by Anne Podlesak
When I set out to design this pattern, I wanted to use 2 colors, one in a handpainted/multicolor and the other in a semi-solid colorway. A lot of Indie dyers sell 1 or 2 braids of a color at a time, which isn’t usually enough for an entire sweater, but once I found the pretty blue/yellow braid at Woolgatherings, it was easy to find a complimentary semisolid colorway to go with it. You can, of course, choose to spin all one colorway for this sweater if you have enough fiber.
The original fiber was BFL (blue-faced Leicester) wool roving from Woolgatherings Etsy store. I selected the handpainted colorway first (the yellow/blue/green roving) and then chose a semisolid blue that picked up the small sections of blue in the handpainted roving. This roving was very nicely prepared and easy to spin. Since the semisolid blue was mostly one color, I didn’t worry much about color runs with it. I simply fluffed the roving a little bit to counteract any compacting during shipping, and the spun it from one end to the other, onto two bobbins (since I was going to make a 2-ply yarn). Each braid of roving was 4 ounces.
For the handpainted fiber, since I wished to break up the colors a little bit in the finished yar, I split the roving into 6 equal strips, lengthwise, and weighed those on my postal scale to be sure I had two equal amounts of 2 ounces, and then spun those onto two bobbins as well (also for a matching 2-ply yarn to the semisolid).
This sweater could be spun up using any fiber you’d like, although alpaca or angora or mohair (or blends with these fibers) will cause the hem and yoke pattern to be somewhat obscured. I chose BFL because I love how the crisp yarn makes knit/purl pattern stand out.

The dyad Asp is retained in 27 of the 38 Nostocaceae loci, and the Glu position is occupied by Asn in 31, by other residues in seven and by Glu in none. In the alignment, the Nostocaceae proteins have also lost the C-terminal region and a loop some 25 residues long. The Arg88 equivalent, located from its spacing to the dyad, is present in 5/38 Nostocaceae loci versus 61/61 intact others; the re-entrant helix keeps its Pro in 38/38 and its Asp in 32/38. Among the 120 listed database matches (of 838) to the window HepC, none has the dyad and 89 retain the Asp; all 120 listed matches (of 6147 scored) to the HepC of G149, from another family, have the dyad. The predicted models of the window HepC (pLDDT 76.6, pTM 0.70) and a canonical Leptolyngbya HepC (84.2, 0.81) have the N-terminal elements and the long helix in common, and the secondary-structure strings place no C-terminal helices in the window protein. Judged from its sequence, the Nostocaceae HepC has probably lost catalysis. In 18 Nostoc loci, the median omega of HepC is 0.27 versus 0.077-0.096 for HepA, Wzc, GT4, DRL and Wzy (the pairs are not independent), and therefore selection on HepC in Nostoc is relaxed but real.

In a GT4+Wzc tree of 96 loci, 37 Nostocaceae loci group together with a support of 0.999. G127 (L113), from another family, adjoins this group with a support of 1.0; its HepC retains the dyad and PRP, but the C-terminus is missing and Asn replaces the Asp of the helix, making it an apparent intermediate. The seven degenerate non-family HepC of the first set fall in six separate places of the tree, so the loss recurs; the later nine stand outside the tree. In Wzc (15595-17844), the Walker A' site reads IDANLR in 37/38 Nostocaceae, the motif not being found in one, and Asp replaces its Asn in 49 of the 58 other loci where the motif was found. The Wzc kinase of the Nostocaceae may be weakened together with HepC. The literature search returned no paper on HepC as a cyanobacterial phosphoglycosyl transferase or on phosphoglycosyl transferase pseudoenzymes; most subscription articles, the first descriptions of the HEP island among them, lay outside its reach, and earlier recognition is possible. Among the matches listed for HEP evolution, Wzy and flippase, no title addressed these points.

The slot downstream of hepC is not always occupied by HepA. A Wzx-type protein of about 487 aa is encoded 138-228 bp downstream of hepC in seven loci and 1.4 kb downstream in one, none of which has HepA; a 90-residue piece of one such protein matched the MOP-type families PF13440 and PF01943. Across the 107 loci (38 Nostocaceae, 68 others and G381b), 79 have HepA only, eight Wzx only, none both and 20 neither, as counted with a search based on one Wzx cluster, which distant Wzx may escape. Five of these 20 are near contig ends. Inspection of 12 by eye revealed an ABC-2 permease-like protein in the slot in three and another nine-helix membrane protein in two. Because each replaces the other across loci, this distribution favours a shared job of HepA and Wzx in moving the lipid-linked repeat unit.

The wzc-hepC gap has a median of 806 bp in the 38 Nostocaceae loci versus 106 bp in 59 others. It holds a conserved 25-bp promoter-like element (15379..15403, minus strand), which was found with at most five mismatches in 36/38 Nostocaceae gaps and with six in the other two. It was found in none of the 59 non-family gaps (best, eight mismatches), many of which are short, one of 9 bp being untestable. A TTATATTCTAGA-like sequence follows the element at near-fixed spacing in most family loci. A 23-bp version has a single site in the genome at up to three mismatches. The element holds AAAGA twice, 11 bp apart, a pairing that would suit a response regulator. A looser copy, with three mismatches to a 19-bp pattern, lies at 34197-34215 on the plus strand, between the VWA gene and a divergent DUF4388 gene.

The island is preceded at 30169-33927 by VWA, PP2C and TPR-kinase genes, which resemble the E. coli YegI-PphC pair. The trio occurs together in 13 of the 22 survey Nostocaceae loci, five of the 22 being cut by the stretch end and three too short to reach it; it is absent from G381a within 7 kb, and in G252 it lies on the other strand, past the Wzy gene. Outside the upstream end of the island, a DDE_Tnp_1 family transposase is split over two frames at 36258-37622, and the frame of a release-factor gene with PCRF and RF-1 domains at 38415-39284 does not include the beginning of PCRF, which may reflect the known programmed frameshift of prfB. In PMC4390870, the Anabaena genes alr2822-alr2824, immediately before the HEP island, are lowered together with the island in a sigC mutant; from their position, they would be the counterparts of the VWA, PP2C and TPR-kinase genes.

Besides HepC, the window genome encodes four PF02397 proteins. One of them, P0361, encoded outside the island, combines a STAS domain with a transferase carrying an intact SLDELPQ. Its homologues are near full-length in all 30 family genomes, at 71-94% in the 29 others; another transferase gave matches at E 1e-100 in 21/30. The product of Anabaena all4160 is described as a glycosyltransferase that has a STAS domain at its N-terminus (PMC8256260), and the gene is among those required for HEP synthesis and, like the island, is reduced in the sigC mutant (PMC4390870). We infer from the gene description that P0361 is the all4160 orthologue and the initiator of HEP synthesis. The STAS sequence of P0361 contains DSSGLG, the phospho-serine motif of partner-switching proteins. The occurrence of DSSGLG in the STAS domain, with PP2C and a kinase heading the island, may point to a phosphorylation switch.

I spun the singles using a worsted technique (or inchworm), drafting forward from the roving source, and then smoothing the singles down with my drafting hand as the twist ran into them. I like my worsted yarn to be nice and smooth, with a crisp, noticeable twist, so I made sure to put in plenty of twist. Once I had two bobbins spun of singles of each colorway, I then placed those on my lazy kate, and then spun these into a 2-ply heavy sportweight yarn. Because the singles were spun with a little extra twist, I slightly underplied while creating my 2-ply yarn to create a nice, drapey yarn that still retained a crisp hand and, I think, will wear very well. Note that this spinning style creates a dense yarn. If you choose to spin more woolen or use a lighter, less dense fiber, like merino, you will likely be able to spin more yards per ounce than I did.
To finish the yarn, I wound it off onto my skein winder, added choke-ties, and then let it soak for an hour or so in a lukewarm bath with some wool wash soap added to it. I spun out the excess water, gave the skein a couple of snaps to align the fibers and then allowed it to air dry.
Finished Technical Details: A worsted-spun 2-ply heavy sportweight to DK-weight yarn, approximately 15 wraps per inch, with 250 yards per 4 ounces (or 1000 ypp).
Photos © Woolgatherings and Anne Podlesak